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memory allocation for methods in java.  RSS feed

 
Greenhorn
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Are methods allocated memory in java ? if so where and when? My teacher said it is given memory when objects are created but then if methods live on the heap how can local variables which are defined in method live on the stack? please clarify in as much details as possible.

Any good book detailing memory allocations for different class members? please recommend.
 
Mani Tiwary
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please reply
 
Java Cowboy
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Methods do not live on the heap.

A method consists of Java byte code. It's the same for each instance of the class. There's no need to create a separate copy of the byte code for each object. No memory needs to be allocated for the code of methods when you create a new object. An object on the heap consists of a block of memory that's large enough to contain the object's non-static member variables (plus some stuff that the JVM needs to keep track of the object).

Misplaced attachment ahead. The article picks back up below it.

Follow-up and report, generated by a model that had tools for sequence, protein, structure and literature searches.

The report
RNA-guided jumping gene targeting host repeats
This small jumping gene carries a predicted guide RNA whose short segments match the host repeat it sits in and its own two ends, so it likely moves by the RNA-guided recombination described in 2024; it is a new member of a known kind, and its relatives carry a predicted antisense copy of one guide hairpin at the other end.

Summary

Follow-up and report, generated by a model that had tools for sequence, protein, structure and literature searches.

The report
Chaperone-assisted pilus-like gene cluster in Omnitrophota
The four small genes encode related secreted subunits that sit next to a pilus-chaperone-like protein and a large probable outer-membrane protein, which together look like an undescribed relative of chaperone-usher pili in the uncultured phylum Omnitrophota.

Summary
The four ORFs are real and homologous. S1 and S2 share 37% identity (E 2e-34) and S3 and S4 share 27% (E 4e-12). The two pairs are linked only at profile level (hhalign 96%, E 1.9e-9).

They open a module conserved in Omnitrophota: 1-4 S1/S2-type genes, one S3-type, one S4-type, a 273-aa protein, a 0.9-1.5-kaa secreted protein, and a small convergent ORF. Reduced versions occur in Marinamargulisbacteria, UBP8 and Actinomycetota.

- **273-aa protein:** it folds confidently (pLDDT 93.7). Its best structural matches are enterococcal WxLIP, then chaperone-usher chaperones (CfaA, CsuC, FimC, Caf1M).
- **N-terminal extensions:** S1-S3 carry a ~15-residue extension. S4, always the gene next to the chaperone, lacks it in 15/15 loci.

For local variables that are used in a method, the stack is used at the moment you call the method. Have a look at: Call stack.

Section 2.17.6 of the Java Language Specification says:

Whenever a new class instance is created, memory space is allocated for it with room for all the instance variables declared in the class type and all the instance variables declared in each superclass of the class type, including all the instance variables that may be hidden. If there is not sufficient space available to allocate memory for the object, then creation of the class instance completes abruptly with an OutOfMemoryError. Otherwise, all the instance variables in the new object, including those declared in superclasses, are initialized to their default values (ยง2.5.1).

 
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you could check this link out, http://bittermanandy.wordpress.com/2008/10/19/garbage-part-one-stack-and-heap/
 
It is sorta covered in the JavaRanch Style Guide.
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